Who We Are
What We Do
How to Help
Gwen Noda, Co-Director of the Centers for Ocean Sciences Education Excellence, took time off to volunteer at the Intel International Science and Engineering Fair (Intel ISEF) 2012 held in Pittsburgh this May. She is also serving on the Education Outreach team of the Local Arrangements Committee for Intel ISEF 2014 being held in Los Angeles. Below she describes her experience and why she feels it’s important to support competitions such as the Intel ISEF.
It isn't a typical travel destination for me - I usually end up in places with "island" in the name - so nearly every person to whom I mentioned the trip, had a response like this:
"Wait, why are you going to Pittsburgh?"
I found myself answering them with something like "to help with the Intel International Science and Engineering Fair" and while this always received favorable responses ("Oh, that's cool!"), it is not really the answer I wanted to give. I sometimes had enough time to include statements like "students from more than 60 countries," "more than a thousand student projects," and "the projects are of such high caliber that they ask the judges to have PhD's or equivalent experience," but that's still not enough to convey what Intel ISEF is really about.
Pittsburgh 2012 was the first time that I was able to attend Intel ISEF. The year before, when it was in Los Angeles, I helped to recruit volunteers and judges, but could not go myself. At the time I was working for a National Science Foundation-funded ocean science education collaboration between USC and UCLA and had my hands full. Intel ISEF was an event we thought our organization should support, as it focuses on student scientific research, and I became involved when we met with staff from Society for Science & the Public to see what we could do to help.
The science learning opportunities I’ve had throughout my educational career (resulting in a Masters in Biology – so far) and my science education work experience has led me to believe that it is essential for students to practice hands-on science for themselves, whether or not they go on to a career in science. I also believe that it is incredibly important to encourage and support students throughout the process of becoming scientists and engineers.
While Intel ISEF does those things, it also does much more. As part of Intel ISEF, students have the opportunity to travel, explore a new city, meet other bright, science-interested students from all over the world, and have the chance to compete for a number of scholarships and prizes. And that’s in addition to all that encouragement and support related to their science projects leading up to and during the week of Intel ISEF. I met a few Intel ISEF mentor teachers who said that some of their students had never before been out of their home state and some students had never really been out of their home city. These students may have experienced their first airplane ride, their first time away from home, their first time exploring a new city, or their first time staying in a hotel. And on top of that, they get the Intel ISEF experience. Being an avid traveler, I know what an educational experience it can be to travel and it’s important to get these students started early. If we want the next generation to help us solve some of our planet’s biggest problems, they need to see and experience those problems and meet others with whom they might collaborate.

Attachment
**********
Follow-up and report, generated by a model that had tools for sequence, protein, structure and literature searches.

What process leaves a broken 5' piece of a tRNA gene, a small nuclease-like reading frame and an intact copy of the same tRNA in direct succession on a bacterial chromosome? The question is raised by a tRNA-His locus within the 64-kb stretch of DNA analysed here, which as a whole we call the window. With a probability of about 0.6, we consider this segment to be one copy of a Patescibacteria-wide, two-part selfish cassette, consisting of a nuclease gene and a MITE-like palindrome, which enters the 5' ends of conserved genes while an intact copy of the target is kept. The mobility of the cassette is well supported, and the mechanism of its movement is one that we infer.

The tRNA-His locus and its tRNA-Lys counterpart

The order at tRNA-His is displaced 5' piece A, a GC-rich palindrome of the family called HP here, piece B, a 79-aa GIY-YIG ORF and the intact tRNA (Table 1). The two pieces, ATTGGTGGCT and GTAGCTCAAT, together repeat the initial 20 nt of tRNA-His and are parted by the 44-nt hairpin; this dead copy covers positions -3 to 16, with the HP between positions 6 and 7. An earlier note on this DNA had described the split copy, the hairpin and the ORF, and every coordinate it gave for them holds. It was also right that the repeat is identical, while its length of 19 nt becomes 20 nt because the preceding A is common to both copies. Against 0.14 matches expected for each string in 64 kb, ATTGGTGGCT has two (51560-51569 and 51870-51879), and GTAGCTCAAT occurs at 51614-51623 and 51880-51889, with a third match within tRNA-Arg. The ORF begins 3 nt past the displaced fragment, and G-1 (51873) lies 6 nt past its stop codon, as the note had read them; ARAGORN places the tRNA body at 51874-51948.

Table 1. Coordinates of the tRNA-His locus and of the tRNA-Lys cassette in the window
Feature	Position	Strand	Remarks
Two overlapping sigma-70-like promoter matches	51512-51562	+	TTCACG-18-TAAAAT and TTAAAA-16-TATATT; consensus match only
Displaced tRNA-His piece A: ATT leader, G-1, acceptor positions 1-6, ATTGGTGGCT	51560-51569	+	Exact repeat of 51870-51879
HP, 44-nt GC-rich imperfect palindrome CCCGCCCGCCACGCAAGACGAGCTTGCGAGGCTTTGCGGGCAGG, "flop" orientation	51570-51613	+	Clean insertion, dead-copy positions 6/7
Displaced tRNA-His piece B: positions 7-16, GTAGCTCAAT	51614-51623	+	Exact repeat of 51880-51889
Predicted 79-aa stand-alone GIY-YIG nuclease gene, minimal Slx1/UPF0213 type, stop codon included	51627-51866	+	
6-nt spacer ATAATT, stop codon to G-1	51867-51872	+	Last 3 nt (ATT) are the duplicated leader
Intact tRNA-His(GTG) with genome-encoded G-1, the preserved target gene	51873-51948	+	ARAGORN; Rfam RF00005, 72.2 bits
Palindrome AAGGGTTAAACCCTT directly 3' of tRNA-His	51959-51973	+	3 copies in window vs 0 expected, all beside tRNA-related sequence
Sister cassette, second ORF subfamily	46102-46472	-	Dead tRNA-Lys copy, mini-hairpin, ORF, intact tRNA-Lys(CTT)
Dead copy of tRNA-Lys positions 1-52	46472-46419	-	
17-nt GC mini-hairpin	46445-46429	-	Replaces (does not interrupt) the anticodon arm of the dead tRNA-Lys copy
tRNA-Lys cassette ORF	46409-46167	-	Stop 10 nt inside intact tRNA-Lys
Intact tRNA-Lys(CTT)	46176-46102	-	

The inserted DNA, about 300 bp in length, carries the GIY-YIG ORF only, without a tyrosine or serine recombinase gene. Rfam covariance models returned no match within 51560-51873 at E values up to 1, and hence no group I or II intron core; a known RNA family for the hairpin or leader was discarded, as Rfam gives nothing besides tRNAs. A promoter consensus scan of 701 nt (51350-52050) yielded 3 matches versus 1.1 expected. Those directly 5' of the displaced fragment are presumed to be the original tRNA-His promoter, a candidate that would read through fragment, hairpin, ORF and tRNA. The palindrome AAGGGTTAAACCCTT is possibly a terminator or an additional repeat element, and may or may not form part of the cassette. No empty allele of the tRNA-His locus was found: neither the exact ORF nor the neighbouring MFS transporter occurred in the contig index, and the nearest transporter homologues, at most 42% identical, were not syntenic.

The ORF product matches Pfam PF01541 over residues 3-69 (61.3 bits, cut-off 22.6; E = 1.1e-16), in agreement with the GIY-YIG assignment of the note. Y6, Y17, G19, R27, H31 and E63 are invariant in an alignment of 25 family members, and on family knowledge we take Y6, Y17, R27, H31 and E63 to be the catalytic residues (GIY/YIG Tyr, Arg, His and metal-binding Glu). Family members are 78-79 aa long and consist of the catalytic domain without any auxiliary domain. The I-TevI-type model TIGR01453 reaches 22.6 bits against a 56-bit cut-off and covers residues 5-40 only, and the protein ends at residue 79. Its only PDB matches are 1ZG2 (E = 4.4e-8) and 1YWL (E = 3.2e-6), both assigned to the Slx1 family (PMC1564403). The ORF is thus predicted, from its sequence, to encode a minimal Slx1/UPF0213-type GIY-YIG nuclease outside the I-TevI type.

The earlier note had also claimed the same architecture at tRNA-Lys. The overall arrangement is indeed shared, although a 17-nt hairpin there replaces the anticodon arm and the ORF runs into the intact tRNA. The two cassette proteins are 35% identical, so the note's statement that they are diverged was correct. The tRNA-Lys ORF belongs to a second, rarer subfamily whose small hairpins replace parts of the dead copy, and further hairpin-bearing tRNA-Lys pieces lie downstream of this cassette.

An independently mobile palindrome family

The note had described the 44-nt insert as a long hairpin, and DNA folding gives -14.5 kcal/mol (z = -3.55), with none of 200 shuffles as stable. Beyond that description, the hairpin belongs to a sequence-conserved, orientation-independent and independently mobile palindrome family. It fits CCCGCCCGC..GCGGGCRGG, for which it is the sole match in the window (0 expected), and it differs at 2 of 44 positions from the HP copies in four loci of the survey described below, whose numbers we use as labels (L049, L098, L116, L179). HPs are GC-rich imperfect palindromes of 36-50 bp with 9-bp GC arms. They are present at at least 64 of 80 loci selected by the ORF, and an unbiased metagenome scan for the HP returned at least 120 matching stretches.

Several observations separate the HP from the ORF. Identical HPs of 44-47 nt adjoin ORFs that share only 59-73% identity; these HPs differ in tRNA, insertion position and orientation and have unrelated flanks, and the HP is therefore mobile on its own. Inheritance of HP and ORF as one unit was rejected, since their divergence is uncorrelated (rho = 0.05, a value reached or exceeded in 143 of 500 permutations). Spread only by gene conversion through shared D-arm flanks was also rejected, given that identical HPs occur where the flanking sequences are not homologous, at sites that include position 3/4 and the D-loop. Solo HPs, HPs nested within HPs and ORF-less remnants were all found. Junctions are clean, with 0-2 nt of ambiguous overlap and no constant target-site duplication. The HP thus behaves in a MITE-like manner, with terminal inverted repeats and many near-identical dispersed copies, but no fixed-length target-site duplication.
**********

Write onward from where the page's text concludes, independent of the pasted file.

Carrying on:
When I travel, I take my camera with me wherever I go and I tried to document the week of Intel ISEF in order to share it with friends and family – and whoever would listen, really. I think the photos have helped express the magnitude of the week's events. And while I will continue to try to find the right words and pictures to convey what Intel ISEF is all about, the best way to understand its impact is by participating in it in as many ways as you can.
For more information about becoming at volunteer at Intel ISEF or other SSP-supported events, visit our Volunteer webpage or email firstname.lastname@example.org. To view SSP photos from Intel ISEF 2012, visit us on Facebook.
As a teacher, it can be difficult to motivate students to put in the extra work to conduct science projects and participate in science fairs.
Ruth Amos didn’t originally plan on becoming an engineer. In fact, when she was in secondary school in Great Britain, she wanted to be a lawyer.